Verses after this Passage, and from what follows ought undeniably to be tranflated here) Judgment or Condemnation: not to certain Punishment in another Life, but to such Marks of God's Displeasure as He fees fit; which will be confined to this World, or extended to the next, as the Case requires. For receiving unworthily may, according to the Kind and Degree of it, be either a very great Sin, or comparatively a small one. But all dangerous Kinds and Degrees may with Ease be avoided, if we only take Care to come to the Sacrament with proper Dispositions, and, which will follow of Course, to behave at it in a proper Manner.

To these Dispositions our Catechism proceeds. But more is needful to be known concerning them than can well be laid before you now. Therefore I shall conclude at present with desiring you to observe, that no Unworthiness, but our own, can possibly endanger us, or prevent our receiving Benefit. Doubtless it would both be more pleasing and more edifying, to come to the Table of the Lorda in Company with such only as are qualified for a Place at it: and they, who are unqualified, ought, when they properly can, to be reftrained from it. But we have neither Direction nor Permission to stay away, because others come who should not: nor can they ever be fo effectually excluded, but that Tares will be mixed among the Wheat: and attempting to root them up may often be more hurtful than letting both grow together until the Harvefl b. Nay, should even the Stewards and Dispensers of God's Mysteries be unholy Persons, though it be a grievous Temptation to others to abhor the Offering of the Lord', yet that is holy still. They shall bear their Iniquity: but notwithstanding, all the Promises of all God's Ordinances are Yea and Amen, sure and certain, in Jesus Christe, to as many as worship Him in Spirit and in Truthf. b Matth. xiii. 28-31.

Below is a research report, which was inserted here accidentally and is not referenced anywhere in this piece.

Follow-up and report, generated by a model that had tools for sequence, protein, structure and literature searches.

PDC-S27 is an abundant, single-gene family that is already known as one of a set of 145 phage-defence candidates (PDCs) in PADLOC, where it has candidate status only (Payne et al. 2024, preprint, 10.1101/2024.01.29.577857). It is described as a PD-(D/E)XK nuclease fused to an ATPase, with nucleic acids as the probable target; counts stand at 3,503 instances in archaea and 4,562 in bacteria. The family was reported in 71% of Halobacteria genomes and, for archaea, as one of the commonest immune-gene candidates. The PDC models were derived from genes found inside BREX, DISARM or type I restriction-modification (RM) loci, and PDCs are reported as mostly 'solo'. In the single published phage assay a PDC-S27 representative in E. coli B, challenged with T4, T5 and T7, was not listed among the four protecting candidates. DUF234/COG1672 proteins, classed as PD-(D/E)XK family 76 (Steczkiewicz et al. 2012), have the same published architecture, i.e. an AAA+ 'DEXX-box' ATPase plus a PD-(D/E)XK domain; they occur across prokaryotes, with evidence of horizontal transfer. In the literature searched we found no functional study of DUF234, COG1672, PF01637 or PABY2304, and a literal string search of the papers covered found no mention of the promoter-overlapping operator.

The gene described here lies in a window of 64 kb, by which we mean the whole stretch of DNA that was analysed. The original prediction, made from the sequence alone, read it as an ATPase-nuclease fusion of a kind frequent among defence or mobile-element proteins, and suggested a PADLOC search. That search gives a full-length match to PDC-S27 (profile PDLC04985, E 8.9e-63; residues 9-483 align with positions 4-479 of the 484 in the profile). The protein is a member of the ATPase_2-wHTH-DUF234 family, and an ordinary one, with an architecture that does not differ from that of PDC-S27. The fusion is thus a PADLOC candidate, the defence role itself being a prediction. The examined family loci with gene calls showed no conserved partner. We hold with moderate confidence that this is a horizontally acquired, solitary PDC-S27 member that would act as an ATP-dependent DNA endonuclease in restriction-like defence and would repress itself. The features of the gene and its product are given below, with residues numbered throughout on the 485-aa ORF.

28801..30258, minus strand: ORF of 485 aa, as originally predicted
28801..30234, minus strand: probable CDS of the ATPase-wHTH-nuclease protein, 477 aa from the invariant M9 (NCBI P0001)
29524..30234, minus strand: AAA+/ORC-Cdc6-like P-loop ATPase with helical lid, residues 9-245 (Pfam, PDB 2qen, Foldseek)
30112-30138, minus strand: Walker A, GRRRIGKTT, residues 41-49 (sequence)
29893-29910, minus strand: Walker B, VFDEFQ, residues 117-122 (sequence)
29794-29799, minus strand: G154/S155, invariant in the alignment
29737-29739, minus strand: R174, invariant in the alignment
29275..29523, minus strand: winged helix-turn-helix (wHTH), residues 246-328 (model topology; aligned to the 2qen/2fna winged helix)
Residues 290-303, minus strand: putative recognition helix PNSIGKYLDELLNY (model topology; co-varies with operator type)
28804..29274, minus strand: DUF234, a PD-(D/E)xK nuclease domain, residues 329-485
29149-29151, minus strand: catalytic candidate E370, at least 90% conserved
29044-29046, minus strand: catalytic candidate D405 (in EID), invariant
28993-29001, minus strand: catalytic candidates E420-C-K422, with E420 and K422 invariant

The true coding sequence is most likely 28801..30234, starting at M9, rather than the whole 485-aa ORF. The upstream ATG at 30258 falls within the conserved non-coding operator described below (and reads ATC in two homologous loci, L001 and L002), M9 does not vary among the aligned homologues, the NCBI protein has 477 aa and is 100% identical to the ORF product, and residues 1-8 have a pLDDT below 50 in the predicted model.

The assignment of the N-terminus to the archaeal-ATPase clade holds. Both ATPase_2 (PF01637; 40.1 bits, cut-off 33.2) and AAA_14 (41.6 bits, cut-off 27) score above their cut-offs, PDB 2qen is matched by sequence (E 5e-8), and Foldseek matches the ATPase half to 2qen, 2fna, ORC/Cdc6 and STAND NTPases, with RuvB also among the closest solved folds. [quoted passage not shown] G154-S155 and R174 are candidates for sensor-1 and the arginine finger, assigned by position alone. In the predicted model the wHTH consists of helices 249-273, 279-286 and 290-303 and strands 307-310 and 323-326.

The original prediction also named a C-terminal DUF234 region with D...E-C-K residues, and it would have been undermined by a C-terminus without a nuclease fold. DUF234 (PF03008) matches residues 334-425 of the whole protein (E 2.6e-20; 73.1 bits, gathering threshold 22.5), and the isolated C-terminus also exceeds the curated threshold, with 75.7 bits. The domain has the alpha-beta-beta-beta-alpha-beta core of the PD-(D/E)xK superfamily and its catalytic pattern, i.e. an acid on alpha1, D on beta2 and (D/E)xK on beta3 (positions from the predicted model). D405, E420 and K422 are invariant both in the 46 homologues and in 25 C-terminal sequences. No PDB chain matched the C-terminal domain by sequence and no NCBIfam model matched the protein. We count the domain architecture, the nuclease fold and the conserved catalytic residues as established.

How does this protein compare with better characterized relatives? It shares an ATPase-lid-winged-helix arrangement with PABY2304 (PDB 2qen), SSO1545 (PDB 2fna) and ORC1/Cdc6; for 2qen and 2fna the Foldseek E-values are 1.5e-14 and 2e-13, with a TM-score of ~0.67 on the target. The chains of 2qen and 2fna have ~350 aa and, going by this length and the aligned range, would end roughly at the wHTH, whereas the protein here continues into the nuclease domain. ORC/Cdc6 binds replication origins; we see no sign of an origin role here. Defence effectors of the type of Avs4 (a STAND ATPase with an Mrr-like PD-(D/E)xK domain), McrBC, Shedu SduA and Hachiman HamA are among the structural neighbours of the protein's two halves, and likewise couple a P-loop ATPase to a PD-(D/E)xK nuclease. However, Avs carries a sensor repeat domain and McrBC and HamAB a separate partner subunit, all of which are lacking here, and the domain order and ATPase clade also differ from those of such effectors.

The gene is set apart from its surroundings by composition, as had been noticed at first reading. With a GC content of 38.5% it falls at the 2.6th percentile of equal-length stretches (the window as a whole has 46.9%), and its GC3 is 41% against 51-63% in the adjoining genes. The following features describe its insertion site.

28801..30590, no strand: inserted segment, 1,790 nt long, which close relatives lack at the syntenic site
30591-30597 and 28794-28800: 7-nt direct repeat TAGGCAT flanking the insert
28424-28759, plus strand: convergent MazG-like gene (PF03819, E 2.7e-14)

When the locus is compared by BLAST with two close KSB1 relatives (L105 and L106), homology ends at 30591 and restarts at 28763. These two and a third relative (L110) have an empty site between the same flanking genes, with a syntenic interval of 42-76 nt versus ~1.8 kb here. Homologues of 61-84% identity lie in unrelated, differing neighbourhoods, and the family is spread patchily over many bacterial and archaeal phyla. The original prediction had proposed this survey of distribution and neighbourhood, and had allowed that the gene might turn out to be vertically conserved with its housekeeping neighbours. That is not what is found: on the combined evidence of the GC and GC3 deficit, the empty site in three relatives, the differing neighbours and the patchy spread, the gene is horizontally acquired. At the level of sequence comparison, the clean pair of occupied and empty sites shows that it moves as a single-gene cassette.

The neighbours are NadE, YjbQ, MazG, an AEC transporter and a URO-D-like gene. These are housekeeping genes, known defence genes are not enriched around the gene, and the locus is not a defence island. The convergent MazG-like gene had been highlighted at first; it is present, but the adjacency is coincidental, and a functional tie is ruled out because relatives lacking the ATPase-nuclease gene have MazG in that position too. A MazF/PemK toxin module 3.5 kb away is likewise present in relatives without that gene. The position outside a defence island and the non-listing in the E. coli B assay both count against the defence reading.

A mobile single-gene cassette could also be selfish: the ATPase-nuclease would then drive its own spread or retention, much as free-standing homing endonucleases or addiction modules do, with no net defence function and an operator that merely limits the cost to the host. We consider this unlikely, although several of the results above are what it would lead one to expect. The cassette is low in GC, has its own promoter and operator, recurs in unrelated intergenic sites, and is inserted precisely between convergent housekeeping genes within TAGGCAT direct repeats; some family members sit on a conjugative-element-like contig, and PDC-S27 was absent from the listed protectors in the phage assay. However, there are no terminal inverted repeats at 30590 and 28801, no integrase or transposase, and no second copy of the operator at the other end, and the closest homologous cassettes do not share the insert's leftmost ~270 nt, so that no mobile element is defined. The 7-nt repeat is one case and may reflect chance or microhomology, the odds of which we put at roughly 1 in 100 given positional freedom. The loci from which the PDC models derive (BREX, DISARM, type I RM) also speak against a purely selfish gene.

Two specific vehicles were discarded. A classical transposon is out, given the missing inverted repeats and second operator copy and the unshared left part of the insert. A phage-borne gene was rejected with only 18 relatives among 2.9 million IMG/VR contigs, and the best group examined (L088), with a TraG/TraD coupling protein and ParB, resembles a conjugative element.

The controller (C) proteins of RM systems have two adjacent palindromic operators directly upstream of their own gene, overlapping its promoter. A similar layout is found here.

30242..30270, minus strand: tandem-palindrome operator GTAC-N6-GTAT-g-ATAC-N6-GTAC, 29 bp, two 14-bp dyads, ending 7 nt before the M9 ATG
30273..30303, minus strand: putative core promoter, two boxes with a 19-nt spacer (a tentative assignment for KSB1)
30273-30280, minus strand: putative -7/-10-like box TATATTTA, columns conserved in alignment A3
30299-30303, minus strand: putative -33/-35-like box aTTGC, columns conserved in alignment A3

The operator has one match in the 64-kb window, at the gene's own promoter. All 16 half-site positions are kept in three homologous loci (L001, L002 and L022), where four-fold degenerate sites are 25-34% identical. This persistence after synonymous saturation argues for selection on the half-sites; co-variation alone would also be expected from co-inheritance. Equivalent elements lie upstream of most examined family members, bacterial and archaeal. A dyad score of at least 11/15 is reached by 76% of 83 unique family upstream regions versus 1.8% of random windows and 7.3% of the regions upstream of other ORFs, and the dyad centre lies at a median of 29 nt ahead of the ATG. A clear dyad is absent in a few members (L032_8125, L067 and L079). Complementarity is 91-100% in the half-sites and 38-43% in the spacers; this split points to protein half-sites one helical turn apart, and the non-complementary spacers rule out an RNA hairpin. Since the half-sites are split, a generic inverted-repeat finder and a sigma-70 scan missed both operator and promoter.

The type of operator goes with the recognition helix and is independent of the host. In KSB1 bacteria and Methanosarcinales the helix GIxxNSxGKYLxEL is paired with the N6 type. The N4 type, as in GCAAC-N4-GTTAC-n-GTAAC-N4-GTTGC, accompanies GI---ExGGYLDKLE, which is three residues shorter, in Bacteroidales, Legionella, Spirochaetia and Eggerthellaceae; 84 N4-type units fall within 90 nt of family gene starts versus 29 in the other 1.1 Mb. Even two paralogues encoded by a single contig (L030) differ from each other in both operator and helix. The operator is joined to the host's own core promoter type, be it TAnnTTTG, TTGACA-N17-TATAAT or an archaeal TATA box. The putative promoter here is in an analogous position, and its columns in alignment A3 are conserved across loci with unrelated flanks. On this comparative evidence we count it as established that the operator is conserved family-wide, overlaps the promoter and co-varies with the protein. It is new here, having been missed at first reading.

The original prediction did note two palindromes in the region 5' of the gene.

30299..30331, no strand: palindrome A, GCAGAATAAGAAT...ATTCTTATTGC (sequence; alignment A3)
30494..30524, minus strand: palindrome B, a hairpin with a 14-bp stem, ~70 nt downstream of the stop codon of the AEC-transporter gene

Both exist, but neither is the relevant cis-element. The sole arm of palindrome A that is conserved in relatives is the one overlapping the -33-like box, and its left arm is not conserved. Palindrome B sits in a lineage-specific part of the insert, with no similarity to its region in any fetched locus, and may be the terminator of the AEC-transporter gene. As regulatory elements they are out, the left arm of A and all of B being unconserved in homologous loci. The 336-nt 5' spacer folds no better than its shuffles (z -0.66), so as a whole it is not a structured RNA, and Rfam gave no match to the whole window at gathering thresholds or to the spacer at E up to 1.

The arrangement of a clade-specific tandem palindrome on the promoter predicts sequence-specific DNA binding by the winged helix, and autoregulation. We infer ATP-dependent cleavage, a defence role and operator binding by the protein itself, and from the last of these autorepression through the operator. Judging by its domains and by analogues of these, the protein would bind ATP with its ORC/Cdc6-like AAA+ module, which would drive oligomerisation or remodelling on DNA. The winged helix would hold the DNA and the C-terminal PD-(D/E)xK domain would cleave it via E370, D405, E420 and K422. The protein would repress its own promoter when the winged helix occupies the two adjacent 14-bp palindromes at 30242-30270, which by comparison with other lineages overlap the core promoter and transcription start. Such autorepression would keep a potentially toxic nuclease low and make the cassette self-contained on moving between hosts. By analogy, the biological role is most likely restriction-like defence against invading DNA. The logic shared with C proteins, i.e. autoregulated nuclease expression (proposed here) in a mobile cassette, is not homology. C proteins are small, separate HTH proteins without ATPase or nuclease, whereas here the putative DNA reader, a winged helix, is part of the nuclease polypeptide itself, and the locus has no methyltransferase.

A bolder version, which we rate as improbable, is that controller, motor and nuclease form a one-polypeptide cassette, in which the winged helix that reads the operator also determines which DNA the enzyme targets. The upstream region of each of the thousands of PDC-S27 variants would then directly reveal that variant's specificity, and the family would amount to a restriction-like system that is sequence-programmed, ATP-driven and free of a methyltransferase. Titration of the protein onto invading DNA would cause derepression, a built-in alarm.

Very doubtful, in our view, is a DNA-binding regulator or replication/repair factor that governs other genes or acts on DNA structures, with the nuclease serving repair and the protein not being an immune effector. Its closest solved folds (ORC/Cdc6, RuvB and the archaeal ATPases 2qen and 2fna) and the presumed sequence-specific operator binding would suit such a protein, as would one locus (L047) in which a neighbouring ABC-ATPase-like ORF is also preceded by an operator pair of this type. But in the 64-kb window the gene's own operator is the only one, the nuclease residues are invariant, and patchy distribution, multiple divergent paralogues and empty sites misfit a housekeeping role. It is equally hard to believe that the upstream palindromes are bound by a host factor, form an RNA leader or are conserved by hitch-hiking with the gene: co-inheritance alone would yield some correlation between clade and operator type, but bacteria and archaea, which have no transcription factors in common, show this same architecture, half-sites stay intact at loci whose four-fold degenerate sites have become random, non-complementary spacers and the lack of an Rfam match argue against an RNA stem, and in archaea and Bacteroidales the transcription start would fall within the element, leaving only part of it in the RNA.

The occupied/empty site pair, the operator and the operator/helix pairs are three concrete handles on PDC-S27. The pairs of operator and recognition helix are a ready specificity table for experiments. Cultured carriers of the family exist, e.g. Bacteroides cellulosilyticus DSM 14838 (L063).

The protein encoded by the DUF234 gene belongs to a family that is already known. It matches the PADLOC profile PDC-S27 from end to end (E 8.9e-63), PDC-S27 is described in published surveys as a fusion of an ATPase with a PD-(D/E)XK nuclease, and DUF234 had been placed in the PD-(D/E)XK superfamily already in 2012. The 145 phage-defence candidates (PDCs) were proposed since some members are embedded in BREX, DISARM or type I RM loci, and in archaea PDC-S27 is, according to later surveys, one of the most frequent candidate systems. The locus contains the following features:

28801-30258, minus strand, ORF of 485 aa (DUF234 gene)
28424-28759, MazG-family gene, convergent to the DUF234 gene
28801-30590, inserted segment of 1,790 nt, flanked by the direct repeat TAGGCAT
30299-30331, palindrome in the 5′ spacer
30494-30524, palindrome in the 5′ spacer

ei Cor. iv. 20 1 Sam. ii. 17.

John iv. 23.

1 Cor. x. 21.

2 Cor, i, 20.

LE C

L E C T U RE XXXVIII.

Of the LORD's SUPPER.

PART

III.

W

nance.

HAT Qualifications and Dispositions are re

quired of them who come to the Lord's Supper, the Scripture hath not particularly expressed : for they are easily collected from the Nature of this Ordi

But' our Catechism, in its fifth and last Answer concerning it, hath reduced them very justly to three: Repentance, Faith, and Charity.